MINNEAPOLIS- Community banks must make the most of technology, but not to the detriment of service, says Allen I. Olson, president and chief executive officer of the Independent Community Bankers of Minnesota.
Last week, Mr. Olson presided over FutureBank '94, a technology exposition for Midwest community bankers that he developed.
The expo, which showcased a life-size model of the "community bank of the future," offered the latest innovations in every aspect of banking, including ergonomic drive-up automated teller machines and voice-response telephone systems.
Community bankers can and should - explore using new technology, as long as they don't abandon one-on-one customer relationships, said Mr. Olson.
Mr. Olson, 55, a former attorney general and governor of North Dakota, discussed the importance of the expo with American Banker during a lunch break
Q.: Why do independent community bankers need this type of exposition now?
OLSON: We are at the early stages of what I consider to be a dramatic revolution in how information is moved and analyzed.
Community banking is particularly technology and information dependent, and it was our conclusion that community banks didn't have reasonable access to all of the changes and the products that were being developed.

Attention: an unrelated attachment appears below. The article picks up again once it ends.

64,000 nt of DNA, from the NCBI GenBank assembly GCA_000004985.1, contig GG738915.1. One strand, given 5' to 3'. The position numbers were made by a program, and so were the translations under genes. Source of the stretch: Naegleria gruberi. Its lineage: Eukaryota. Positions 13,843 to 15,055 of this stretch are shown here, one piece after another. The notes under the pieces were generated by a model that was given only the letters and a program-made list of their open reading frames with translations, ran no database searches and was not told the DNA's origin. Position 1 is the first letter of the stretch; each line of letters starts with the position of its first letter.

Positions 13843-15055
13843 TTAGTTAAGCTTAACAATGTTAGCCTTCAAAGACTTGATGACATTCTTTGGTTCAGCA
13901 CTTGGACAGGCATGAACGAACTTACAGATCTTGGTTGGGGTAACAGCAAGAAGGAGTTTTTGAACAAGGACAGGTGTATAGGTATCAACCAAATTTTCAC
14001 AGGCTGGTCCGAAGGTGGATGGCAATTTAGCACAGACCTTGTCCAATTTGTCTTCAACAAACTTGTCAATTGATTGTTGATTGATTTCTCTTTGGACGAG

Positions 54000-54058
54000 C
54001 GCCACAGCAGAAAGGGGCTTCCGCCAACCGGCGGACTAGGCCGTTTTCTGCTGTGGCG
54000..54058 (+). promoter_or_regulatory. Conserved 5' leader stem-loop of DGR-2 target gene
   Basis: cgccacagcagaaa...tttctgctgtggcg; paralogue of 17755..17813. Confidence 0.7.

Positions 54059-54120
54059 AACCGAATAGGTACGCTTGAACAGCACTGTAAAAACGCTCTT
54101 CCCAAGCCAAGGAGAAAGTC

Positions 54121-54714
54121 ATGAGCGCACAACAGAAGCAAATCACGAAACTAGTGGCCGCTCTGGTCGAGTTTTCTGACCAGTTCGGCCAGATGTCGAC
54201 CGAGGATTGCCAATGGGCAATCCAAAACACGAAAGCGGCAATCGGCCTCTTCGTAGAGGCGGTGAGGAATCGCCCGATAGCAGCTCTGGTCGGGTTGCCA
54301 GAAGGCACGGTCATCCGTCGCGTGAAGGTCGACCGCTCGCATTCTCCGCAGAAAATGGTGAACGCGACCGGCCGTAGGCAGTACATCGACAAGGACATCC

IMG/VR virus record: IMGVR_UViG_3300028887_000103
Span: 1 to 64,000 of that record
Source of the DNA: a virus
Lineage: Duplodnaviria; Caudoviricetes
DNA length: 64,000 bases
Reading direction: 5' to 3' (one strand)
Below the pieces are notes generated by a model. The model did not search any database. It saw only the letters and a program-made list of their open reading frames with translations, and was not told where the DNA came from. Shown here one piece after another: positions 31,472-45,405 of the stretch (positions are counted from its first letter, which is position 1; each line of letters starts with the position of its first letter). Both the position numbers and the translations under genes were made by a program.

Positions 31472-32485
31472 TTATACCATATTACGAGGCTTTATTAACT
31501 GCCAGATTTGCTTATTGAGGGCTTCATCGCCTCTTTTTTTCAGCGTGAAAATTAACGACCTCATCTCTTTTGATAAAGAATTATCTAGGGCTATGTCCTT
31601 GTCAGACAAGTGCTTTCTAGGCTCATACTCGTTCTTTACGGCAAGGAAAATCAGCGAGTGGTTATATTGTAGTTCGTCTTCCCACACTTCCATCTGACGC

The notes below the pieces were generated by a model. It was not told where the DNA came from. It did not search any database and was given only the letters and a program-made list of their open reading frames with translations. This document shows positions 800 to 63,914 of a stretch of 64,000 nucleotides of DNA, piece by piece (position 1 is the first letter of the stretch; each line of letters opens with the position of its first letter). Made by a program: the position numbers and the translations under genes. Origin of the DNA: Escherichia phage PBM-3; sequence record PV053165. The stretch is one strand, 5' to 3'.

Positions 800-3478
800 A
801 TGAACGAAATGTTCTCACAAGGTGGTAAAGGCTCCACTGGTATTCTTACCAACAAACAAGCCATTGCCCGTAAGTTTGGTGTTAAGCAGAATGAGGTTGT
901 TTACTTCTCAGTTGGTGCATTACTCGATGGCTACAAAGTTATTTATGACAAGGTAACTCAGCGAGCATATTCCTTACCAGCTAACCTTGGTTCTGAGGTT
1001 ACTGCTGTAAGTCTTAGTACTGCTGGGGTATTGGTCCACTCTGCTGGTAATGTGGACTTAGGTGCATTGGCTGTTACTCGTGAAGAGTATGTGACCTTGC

Q.: Are there particular types of technology that you think community bankers should be using?
OLSON: Bankers tell me that the most critical [technology] right now for many of them is voice response, when customers can call in and get all types of routine information that they would otherwise have to travel to the bank or write letters [to receive].
[Also, with] check imaging they're beginning to feel that they need to at least consider installing that process.
And as small banks consolidate into mini-multibank holding companies, the need to communicate well, including body language, suggests that teleconferencing will be important soon.
Q.: Can community bankers afford this technology?
OLSON: With every new product or service, it comes in at a high cost and only the large institutions with significant resources can afford that.
But what's happening now, in the explosion of information communications technology, is that it's been out long enough now where we're reaching a level where it's affordable for smallbusiness, small banks.
Q.: How should community banks balance new technology with the personal service they've typically focused on?
OLSON: That is the key question. It's probably the most important question for community banks right now. Their historical niche in the business - and I believe the niche for the foreseeable future - is service.
If the bank installs a voice-response system, that means that the bank employees will be ... distanced somewhat further than they were when there had to be that face-to-face communication.
Every community banker I've talked to in the last year or so is concerned about that, knowing that the technology improves their service in one sense and it meets the competition, but, it also affects that personal-service relationship.
I can tell you this: They're not being blindsided. I appreciate that they're all considering that point.